Breaking a Mortgage Contract

Breaking a Mortgage Contract

If you must break the term and payout your mortgage earlier than you agreed to on your Mortgage Contract you will be subject to a payout penalty.

Breaking the Mortgage Agreement

Read your mortgage contract or contact your lender to find out if you can break the contract. Different lenders have different terms and conditions. When a contract is broken a penalty and fees are charged.

Before breaking your mortgage agreement, find out whether:

  • You have to pay a penalty and what that amount is.
  • If you have to pay an administration fee.
  • If you have to pay legal or disbursement fees to discharge the old mortgage.
  • If you have to pay legal or disbursement fees to register the new mortgage.
  • If you have to repay some or all of any ‘cash back’ you may have received when you first obtained the mortgage.
  • And if the calculation of any prepayment penalty would be based on the posted rate at the time you signed the agreement, or on a discounted rate if you negotiated one for the initial mortgage.


For you to understand why you must pay a penalty to your current lender if you break your mortgage contract you must understand where the money for your mortgage came from.  This is called Securitization and it is a process by which certain financial assets are pooled together so that they can be packaged into interest bearing bonds.

If you have a mortgage with a Bank or Mono line lender, then you have a Mortgage that is either held in these two types of Bonds.  Mortgage Backed Securities (MBS) or Canada Mortgage Bond (CMB).  These two vehicles are how the banks get the cash that they need to lend to you the consumer so that you can purchase your home.

Mortgage Backed Securities return monthly payments to the initial investor that put up their capital so that you can borrow it to Mortgage your house. With your mortgage contract, you have agreed to an interest rate and term that you will continue to pay this initial investor.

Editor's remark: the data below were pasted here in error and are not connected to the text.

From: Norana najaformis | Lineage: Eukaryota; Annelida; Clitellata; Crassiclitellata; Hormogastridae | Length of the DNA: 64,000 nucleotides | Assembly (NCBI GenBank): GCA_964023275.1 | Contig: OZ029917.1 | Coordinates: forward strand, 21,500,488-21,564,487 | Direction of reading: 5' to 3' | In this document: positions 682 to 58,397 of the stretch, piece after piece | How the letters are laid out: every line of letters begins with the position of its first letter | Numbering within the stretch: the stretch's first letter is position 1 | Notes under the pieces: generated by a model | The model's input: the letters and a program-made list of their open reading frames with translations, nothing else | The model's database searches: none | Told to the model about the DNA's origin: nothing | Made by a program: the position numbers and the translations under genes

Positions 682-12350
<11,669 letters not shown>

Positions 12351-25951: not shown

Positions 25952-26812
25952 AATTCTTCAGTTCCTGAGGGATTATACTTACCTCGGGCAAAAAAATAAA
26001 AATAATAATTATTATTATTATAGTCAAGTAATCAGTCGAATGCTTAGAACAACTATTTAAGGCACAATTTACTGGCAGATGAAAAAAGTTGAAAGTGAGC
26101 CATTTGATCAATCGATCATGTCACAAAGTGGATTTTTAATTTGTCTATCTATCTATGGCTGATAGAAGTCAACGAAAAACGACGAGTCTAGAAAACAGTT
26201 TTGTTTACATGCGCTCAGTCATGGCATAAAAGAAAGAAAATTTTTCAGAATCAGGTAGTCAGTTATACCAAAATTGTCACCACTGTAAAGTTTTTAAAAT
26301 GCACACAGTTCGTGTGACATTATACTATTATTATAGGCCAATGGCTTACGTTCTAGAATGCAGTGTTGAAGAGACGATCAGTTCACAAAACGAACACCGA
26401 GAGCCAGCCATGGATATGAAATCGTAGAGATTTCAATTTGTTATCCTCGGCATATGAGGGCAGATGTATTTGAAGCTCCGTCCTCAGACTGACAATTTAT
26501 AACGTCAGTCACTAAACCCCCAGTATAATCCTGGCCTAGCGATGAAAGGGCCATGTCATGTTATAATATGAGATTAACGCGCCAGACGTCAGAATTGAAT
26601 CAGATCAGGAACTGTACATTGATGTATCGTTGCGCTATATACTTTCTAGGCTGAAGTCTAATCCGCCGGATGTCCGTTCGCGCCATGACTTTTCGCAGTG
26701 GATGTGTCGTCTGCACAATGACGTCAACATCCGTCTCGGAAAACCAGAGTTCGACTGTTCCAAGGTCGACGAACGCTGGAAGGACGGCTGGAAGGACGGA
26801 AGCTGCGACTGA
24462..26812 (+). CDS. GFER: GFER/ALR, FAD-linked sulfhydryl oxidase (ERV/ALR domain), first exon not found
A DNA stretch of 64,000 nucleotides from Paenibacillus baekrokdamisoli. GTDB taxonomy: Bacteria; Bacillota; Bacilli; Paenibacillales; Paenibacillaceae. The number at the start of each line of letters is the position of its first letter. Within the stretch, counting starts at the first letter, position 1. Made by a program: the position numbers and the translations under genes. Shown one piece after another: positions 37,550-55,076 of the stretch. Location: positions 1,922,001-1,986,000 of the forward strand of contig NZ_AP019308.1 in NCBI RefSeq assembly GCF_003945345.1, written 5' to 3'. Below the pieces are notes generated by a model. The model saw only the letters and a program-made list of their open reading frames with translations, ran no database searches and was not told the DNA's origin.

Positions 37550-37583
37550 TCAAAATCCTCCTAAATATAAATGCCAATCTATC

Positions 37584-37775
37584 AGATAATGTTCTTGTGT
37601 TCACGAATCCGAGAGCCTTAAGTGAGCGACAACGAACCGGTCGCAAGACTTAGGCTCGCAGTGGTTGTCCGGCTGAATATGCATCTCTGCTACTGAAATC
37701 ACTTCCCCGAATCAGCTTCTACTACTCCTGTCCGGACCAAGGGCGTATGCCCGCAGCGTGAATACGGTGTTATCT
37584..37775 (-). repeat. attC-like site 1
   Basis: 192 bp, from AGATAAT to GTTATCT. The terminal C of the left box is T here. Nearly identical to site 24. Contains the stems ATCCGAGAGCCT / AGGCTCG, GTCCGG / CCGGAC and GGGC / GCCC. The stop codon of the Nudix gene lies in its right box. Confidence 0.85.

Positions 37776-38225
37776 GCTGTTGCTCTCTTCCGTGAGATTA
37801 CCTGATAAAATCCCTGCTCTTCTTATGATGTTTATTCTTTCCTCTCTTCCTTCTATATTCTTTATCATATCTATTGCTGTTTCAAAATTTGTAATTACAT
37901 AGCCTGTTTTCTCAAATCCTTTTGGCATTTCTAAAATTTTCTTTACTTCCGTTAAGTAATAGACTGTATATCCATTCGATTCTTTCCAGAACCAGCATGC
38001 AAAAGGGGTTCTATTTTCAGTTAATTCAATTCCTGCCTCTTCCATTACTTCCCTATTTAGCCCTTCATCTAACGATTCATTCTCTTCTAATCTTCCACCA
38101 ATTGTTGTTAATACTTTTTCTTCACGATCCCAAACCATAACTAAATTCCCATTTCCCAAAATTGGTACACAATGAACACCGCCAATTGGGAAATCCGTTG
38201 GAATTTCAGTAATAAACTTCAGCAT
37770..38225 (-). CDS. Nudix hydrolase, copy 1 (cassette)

Similar the Canada Mortgage Bond is a “bullet bond” designed to get the investor a fixed amount of interest paid at the end of the term.  This product is popular with foreign investors and pension portfolio’s.

At the end of the day the bank or lender that you have your mortgage with will pool and bundled their mortgages and sell them on the bond market to investors.  You must payout your penalty because the banks must provide the interest promised to the initial investor.

Different Lenders Calculate Penalties Differently!

Different lenders calculate their penalties differently because they are Securitizing their mortgage pools and selling them to different MBS and CMB investors. Most of the Big Banks base the penalty on the posted rate at the time when you signed your mortgage INSTEAD of your actual rate.  This has a large impact on your penalty cost.

Speak with Cindy Janisch about Interest Rate Differential calculations and how you can save yourself money should you break the Mortgage Contract before term.

What is Interest Rate Differential?

The IRD is a compensation charge that may apply if you pay off your mortgage prior to the maturity date, or pay the mortgage principal down beyond the amount of your prepayment privileges.

The IRD is based on:

  • The amount you are pre-paying; and,
  • An interest rate that equals the difference between your original mortgage interest rate and the interest rate that the lender can charge today when re-lending the funds for the remaining term of the mortgage.

Most closed fixed-rate mortgages have a prepayment penalty that is the higher of 3-months interest or the IRD. Most variable-rate mortgages do not have IRD penalties.

A common misconception about mortgages are the flashy low rate that some lenders can advertise and offer.  But, would you truly be worried about paying a .10% higher for a mortgage that securitize their bonds differently and have better policy around their IRD calculations.

A good conversation with your Mortgage Professional will determine which product is right for your current situation.

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